‘Fritz Aigner is a brilliant technician. He paints like an old master, his colours so splendid and luminous, his glazes so glossy, his thematic conception so objective that the audience hardly notices the profound context. These characteristics place Aigner as a Surrealist, but this does not begin to explain the impact of his work. In his work the fantastic always prevails, turning every image into a deep shared experience.’ Thus writes art historian Hannes Etzlstorfer in his introduction to the most complete introduction to Aigner’s life and work, the 2010 Fritz Aigner: Wunderkind und Malmaschine (Fritz Aigner: Wonder-child and Painting-machine).

Yet until recently a full appreciation of Aigner’s work was limited to a small circle of admirers and gallery-owners in his home city of Linz in Lower Austria. The Oberösterreichische Landesgalerie, for example, did not exhibit his work until 1995, together with his fellow Linz artists Josef Fischnaller and Erich Ruprecht. Even in the Österreichische Galerie Belvedere in Vienna, responsible for the comprehensive documentation of Austrian artistic creation, Fritz Aigner does not appear in their inventory lists with a single work.

Aigner showed early talent as an artist, and in 1947, without ever having to take an entrance exam, he was accepted at the Akademie der bildenden Künste (Academy of Fine Arts) in Vienna to study with Sergius Pauser. In 1952 he won an Austrian state fine arts prize for his artwork Die Klage des verlorgenen Sohnes (The Prodigal Son’s Lament). Throughout the 1950s and early 60s he painted mostly religious and mythological works, though always with an original eye for the deeper meaning within his subject matter. He was very much influenced by Picasso and by the British painter Roger Bacon, though Rembrandt was an overriding influence, so much so that some in his circle called him ‘The Rembrandt of Linz’.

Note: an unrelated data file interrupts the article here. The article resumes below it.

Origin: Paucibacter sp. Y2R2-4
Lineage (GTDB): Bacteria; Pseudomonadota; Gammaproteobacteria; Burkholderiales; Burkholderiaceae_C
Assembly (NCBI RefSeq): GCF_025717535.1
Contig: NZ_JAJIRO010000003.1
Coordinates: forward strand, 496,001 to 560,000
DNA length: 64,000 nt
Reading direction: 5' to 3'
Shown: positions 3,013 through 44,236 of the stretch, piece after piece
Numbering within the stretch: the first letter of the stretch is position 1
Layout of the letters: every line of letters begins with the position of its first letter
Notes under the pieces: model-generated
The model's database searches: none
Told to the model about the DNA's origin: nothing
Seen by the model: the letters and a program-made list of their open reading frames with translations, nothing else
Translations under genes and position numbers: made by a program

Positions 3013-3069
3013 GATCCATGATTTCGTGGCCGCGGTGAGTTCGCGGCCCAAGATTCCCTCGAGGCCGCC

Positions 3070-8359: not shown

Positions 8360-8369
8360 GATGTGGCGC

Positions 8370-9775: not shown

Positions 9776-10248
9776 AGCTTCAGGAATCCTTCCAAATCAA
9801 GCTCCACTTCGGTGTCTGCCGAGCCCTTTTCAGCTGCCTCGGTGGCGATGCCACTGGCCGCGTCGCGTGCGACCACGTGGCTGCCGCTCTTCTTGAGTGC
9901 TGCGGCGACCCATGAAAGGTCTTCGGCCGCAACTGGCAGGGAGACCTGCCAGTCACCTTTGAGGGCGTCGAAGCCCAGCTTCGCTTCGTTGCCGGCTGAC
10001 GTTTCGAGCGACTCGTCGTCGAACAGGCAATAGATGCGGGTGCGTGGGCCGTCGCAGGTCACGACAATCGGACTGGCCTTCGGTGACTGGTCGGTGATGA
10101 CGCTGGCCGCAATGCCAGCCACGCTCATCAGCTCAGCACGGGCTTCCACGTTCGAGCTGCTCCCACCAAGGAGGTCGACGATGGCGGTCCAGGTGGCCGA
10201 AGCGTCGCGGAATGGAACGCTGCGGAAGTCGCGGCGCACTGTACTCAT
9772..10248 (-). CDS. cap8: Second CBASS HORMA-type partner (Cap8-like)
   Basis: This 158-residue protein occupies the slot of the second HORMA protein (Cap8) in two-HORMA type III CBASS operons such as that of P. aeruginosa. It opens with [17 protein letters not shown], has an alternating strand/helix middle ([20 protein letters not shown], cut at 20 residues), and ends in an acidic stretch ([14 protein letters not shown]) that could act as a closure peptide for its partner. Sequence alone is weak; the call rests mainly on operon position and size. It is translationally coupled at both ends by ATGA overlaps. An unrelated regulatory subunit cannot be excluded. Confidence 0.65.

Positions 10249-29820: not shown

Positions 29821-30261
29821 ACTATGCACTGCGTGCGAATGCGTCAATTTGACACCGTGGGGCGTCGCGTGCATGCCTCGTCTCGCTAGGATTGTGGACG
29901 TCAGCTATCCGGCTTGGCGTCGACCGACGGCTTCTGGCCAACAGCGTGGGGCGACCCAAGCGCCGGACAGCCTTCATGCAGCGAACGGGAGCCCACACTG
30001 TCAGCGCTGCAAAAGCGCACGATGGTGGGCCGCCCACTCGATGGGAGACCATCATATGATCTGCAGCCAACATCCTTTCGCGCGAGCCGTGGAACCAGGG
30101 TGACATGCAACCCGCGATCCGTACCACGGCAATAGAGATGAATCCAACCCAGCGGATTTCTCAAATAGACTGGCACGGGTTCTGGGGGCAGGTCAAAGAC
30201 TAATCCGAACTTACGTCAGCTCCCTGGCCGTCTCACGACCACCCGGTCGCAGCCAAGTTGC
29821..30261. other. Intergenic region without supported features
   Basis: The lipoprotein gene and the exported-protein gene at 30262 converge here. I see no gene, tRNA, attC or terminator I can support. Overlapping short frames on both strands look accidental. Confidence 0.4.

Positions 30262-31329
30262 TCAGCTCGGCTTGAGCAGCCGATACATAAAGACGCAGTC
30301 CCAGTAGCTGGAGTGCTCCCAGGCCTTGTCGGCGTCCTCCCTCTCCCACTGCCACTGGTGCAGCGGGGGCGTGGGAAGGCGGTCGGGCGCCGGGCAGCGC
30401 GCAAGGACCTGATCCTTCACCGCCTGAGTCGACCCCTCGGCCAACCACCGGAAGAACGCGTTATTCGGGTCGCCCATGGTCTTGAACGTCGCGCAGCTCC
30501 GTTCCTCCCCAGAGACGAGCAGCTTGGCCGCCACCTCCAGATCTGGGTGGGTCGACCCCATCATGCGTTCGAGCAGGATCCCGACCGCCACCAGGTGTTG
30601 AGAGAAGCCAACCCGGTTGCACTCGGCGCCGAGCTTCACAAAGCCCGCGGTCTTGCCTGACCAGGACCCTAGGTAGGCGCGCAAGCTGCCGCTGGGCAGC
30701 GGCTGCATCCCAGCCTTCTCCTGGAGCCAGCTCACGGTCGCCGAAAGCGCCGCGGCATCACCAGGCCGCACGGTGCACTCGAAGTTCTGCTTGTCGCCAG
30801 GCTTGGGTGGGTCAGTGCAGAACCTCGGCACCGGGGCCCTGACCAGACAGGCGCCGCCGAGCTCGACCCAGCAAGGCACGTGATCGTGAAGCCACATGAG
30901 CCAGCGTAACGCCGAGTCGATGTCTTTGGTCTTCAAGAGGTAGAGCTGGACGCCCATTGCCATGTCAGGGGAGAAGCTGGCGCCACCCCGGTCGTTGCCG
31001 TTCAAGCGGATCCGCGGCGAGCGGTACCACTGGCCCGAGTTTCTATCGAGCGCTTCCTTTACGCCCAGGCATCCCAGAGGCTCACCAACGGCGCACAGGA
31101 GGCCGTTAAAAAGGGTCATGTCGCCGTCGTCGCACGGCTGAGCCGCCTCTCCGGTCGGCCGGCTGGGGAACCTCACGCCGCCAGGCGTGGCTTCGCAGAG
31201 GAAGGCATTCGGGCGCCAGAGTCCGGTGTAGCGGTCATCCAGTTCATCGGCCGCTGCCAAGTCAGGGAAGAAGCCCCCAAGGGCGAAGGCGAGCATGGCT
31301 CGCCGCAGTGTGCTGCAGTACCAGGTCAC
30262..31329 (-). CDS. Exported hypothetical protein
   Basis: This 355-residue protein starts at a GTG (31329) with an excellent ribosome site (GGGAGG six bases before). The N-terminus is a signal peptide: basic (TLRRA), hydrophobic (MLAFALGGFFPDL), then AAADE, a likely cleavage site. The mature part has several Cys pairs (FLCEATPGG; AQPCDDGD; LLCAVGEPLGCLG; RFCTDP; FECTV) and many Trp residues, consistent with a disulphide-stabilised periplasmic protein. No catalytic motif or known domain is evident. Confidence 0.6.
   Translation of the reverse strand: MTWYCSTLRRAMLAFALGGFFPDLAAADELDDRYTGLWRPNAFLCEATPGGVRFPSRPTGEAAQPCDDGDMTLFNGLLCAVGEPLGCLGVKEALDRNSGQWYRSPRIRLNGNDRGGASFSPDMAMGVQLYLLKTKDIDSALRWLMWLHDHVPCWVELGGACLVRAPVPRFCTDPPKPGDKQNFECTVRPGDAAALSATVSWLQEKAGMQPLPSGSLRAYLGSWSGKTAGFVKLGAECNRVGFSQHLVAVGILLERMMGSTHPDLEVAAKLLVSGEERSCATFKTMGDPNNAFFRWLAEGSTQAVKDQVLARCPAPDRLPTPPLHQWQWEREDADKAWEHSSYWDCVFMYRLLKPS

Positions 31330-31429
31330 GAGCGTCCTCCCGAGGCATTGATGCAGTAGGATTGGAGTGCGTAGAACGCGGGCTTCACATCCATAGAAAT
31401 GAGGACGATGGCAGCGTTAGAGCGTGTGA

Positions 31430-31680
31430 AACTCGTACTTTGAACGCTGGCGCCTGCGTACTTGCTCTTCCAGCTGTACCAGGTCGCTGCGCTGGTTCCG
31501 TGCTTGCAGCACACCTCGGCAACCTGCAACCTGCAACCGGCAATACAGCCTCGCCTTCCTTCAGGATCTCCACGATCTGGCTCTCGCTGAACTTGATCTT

He travelled widely in Europe, starting with a visit to Spain in 1954, and most importantly extended periods in Ireland in 1966 and in London in 1967–8. He was married twice, first to the woodworker Auguste Kronheim in 1956, with whom he had a son and a daughter, then after their divorce in 1969 to the ballet teacher Helga Träxler. They had six children, three of whom – Paul Florian, Matthias Claudius and Lukas Johannes – also became artists.

We would like to thank our Russian friend and contributor Yuri for introducing us to the work of this artist and supplying many of the images.

Example illustration